Rourke, Felix (1765–1803), United Irishman, was the son of a small farmer who kept the turnpike gate and carman's stage on the Naas Road, half a mile from Rathcoole, Co. Dublin. In early life he served an apprenticeship in Dublin as a shoemaker and then became a clerk in a tanyard before returning home to assist his father in his businesses. There he joined the United Irishmen in 1798, and drew the attention of Lord Edward FitzGerald (qv), who gave him the gift of his favourite horse and employed him as an organiser. He was appointed United Irish secretary for the barony of Uppercross, Co. Dublin, and nominated as a county delegate for Kildare, probably the best organised county in Leinster. When Thomas Reynolds (qv) was accused of being the informer responsible for the arrests of the Leinster directory (12 March 1798), he denied the charge and accused Rourke, who was placed on trial by the society but found not guilty.
On the outbreak of hostilities in May 1798 Rourke was appointed colonel of the Kildare insurgents. After their defeat he linked up with rebels who attacked the army garrison at Hacketstown, Co. Carlow (25 June 1798). The poorly-armed rebels suffered heavy casualties and were forced to retreat to the Wicklow mountains. He also took part in the attack on the local barracks at Clonard, Co. Meath (11 July 1798). Again the rebels were repulsed and retired to Johnstown, Co. Kildare (12 July 1798), from where they were later dispersed. After these setbacks the rebellion in Leinster collapsed, but Rourke held out until 7 August 1798 when he surrendered at Kilcullen. He had expected to receive an amnesty from Gen. Ralph Dundas but was imprisoned in Naas gaol until the summer of 1800.
After his release he travelled to Belfast, where he made his living as an actor before returning to Dublin in late 1801. There he earned £100 a year as a clerk in a brewery off St Stephen's Green. He made contact with the United Irishmen once again, and the first meeting of Robert Emmet (qv) with fellow rebels after he arrived back in Dublin in autumn 1802 was held at Rourke's home. Rourke's brother John Rourke ( fl. 1798–1840s) ran a public house, ‘The Golden Bottle’, 138 Thomas St., Dublin, which was one of the venues used to plan the insurrection. Felix Rourke liaised with the United Irish leadership in Kildare and Wicklow to persuade them to bring men into Dublin at the outbreak of revolt.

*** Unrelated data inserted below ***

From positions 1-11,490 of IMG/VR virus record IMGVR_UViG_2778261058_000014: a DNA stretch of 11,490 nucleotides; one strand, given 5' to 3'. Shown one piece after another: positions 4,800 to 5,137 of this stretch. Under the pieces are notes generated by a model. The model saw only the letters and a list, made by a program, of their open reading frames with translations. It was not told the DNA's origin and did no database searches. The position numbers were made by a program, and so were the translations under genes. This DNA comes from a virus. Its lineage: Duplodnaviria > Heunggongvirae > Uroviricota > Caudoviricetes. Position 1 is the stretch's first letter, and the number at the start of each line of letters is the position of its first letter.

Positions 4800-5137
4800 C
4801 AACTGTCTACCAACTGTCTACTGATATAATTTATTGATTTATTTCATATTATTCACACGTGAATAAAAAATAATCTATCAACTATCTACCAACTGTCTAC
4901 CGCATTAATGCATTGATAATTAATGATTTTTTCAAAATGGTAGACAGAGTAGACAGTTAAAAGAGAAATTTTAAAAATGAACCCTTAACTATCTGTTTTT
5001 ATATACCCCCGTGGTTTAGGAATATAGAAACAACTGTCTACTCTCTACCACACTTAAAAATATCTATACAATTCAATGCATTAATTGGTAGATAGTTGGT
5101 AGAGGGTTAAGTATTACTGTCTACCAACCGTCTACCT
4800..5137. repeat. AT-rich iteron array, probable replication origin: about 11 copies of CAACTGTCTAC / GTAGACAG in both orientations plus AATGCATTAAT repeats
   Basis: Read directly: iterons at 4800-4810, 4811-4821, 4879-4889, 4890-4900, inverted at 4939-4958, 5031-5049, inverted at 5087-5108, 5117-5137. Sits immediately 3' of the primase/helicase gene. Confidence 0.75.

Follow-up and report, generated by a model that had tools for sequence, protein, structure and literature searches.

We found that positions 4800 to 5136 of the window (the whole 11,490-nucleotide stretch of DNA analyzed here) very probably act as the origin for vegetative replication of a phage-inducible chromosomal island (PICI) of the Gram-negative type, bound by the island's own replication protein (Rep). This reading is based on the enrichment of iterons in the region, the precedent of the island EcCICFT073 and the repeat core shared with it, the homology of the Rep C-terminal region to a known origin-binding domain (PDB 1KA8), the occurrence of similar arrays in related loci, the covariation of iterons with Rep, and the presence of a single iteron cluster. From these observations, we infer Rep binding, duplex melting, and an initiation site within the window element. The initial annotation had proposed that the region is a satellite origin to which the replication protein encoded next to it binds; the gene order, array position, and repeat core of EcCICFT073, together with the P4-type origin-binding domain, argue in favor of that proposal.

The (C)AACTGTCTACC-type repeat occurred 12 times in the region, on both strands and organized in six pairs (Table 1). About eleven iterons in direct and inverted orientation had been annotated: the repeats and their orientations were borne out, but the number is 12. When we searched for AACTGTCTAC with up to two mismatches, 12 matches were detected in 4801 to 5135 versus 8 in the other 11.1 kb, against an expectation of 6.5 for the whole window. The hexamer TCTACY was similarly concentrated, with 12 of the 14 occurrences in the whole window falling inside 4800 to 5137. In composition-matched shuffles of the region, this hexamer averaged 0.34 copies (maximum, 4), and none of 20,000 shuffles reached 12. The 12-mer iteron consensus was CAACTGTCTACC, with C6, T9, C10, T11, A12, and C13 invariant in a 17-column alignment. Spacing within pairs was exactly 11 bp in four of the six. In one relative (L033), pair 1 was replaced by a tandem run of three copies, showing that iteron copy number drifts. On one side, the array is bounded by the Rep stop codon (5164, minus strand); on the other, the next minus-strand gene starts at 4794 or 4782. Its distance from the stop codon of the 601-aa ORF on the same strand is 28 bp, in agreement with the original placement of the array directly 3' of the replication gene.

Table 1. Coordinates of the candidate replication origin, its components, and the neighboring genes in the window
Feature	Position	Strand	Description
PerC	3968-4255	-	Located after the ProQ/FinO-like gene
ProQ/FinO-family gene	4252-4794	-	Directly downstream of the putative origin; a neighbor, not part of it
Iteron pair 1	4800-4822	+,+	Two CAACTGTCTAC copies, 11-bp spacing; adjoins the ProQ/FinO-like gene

On 23 July 150 men left Naas for Dublin, having only been informed of the intended revolt the previous day. Rourke advised them to return home when he realised the rebellion was doomed to failure. A few days later he was arrested in the liberties of Dublin by Alderman Bonham. The chief witness at his trial (6 September 1803) was Michael Mahaffy, a pedlar serving in the Kildare militia who swore he saw Rourke in Dirty Lane, Dublin, on the night of the insurrection, armed with a blunderbuss and giving orders to the rebels. Rourke produced alibis contradicting Mahaffy's evidence, but was found guilty of high treason. He was hanged on 10 September 1803 from one of the rafters of the burnt-out home of a fellow rebel, Fr James Harold (qv), parish priest of Rathcoole, who had been transported to Australia. Rourke was accompanied from Newgate, Dublin, to Rathcoole by a large body of yeomanry commanded by Capt. Bernard Clinch who is said to have treated him with wanton brutality and to have attempted to prevent a priest administering the last rites. Rourke's body was given to his friends (there is no record that he ever married) and interred in Hospital Fields near Dublin. John Rourke was imprisoned and came out of jail a ruined man. R. R. Madden (qv) claimed he lived the rest of his life in poverty in the liberties of Dublin at no. 3 Tripoli, Pimlico, making a meagre living as a comb maker.